Paying Down the Mortgage Debt Vs. Assuming a New Mortgage

Paying down your mortgage will shorten the term of the loan without refinancing.

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To reduce your mortgage interest and the length of time that you will pay on your mortgage, you have two options. You can pay down your mortgage by making additional payments, or you can refinance at a lower interest rate. Your personal budget will have an impact on how much you can pay down your mortgage, while credit worthiness and prevailing interest rates will impact your ability to refinance and assume a new mortgage at a lower rate.

Reducing the Term

By paying additional principal payments each month on your mortgage, you will reduce the length of the time that you will pay on it. Small extra payments will have more of an effect when you are earlier in your loan, in terms of shortening the term of the loan. By paying extra instead of refinancing at a shorter term, you will achieve some of the same benefits without paying the extra closing costs to refinance.


Your goal may be to pay off your mortgage to be debt free, or to pay your home off before you retire. If your interest rate is already low, and you would not get a lower rate by refinancing, your best plan is to just pay extra on the mortgage without refinancing. Your lender can help you determine how much extra you will need to pay on your loan in order to meet your goal for a timely payoff.

Interest Savings

If you can get a better interest rate on a new mortgage, refinancing by assuming a new mortgage makes sense. Your true amount of savings depends on how long you plan to stay in your home. Since most new mortgages will require closing costs, you must stay in your home long enough to recover the money in interest savings that you pay in closing costs. In many cases, this is around three years, but if you are getting a significantly lower interest rate on your new mortgage, the payback period may be considerably shorter.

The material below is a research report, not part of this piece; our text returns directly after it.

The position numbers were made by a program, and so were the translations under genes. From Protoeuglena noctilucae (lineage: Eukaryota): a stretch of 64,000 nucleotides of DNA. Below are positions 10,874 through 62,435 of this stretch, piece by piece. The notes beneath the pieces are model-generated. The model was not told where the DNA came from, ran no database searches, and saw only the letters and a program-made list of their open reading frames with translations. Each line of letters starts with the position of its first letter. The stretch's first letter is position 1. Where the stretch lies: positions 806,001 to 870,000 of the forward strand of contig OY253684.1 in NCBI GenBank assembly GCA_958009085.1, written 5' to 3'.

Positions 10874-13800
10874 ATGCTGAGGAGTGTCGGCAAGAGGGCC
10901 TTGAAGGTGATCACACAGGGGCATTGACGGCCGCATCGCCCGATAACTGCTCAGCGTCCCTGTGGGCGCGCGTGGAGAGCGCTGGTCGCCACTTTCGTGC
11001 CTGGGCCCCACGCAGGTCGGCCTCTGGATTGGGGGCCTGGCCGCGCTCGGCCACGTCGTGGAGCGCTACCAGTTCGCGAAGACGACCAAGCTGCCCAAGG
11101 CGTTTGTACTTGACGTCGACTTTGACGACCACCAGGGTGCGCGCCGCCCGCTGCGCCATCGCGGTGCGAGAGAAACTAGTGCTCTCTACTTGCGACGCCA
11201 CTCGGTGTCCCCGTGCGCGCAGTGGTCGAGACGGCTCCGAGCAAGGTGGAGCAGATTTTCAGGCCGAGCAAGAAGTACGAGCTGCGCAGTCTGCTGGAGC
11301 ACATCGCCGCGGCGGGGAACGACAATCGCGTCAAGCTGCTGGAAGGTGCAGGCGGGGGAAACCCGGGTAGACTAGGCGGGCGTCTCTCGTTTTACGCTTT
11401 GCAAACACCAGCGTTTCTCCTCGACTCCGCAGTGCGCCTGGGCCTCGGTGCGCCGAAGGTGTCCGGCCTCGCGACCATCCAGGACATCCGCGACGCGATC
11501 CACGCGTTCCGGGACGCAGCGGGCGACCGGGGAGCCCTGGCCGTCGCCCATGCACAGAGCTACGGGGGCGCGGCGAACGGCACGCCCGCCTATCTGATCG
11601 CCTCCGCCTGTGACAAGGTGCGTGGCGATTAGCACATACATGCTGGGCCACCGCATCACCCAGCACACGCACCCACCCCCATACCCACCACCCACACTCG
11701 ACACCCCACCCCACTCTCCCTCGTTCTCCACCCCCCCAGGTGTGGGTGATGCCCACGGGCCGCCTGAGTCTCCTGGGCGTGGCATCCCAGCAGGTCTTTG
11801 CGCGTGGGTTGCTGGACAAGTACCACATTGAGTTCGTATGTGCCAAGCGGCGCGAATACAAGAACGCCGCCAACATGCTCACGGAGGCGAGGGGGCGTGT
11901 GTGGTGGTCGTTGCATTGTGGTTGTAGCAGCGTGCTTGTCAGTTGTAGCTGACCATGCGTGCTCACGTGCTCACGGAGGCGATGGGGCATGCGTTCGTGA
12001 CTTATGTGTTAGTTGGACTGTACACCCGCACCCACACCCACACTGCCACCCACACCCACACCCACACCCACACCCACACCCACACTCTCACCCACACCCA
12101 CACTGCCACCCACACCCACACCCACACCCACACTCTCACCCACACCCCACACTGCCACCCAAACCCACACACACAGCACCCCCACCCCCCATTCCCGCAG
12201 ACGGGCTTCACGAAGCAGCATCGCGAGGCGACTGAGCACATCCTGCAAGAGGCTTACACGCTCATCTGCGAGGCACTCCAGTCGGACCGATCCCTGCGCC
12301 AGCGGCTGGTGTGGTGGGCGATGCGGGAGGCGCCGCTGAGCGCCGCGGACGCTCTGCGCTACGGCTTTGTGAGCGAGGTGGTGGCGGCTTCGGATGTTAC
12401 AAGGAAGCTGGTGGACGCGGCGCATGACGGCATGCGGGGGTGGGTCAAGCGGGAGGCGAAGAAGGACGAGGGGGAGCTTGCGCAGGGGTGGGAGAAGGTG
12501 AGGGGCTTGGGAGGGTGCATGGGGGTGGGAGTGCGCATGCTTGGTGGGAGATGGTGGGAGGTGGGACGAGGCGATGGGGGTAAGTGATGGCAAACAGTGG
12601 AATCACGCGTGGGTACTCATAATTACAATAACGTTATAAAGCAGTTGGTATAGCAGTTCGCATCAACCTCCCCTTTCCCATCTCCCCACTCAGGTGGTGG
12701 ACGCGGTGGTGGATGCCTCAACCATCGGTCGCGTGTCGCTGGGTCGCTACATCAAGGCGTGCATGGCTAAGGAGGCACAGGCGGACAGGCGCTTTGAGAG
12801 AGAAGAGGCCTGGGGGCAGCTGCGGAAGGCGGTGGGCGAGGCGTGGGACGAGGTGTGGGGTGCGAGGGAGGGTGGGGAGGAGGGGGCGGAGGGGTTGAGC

Cash Out

Refinancing into a new mortgage may give you the opportunity to borrow additional cash against your existing home equity. Your lender's requirements for a cash-out refinance may vary, but you usually will need to have at least 20 percent equity in your home with the new mortgage balance to get the best rates and avoid private mortgage insurance. For example, if your home appraises at $200,000, and you owe $100,000 on your existing mortgage, the most that a lender will loan you under these guidelines is $160,000 total, or 80 percent of the value of the home. You could pay off your existing mortgage of $100,000, and borrow the additional $60,000 in cash under this scenario.

Combining the Methods

You may meet your financial goals more quickly by employing a combination of the two techniques. A refinance of your existing mortgage at a lower rate provides interest savings immediately. If you are worried about paying the higher payments required by a shorter term, you can refinance at a longer term, and make additional mortgage payments as you are able. By doing this, you leverage gains achieved by both paying down your mortgage and assuming a new loan by refinancing.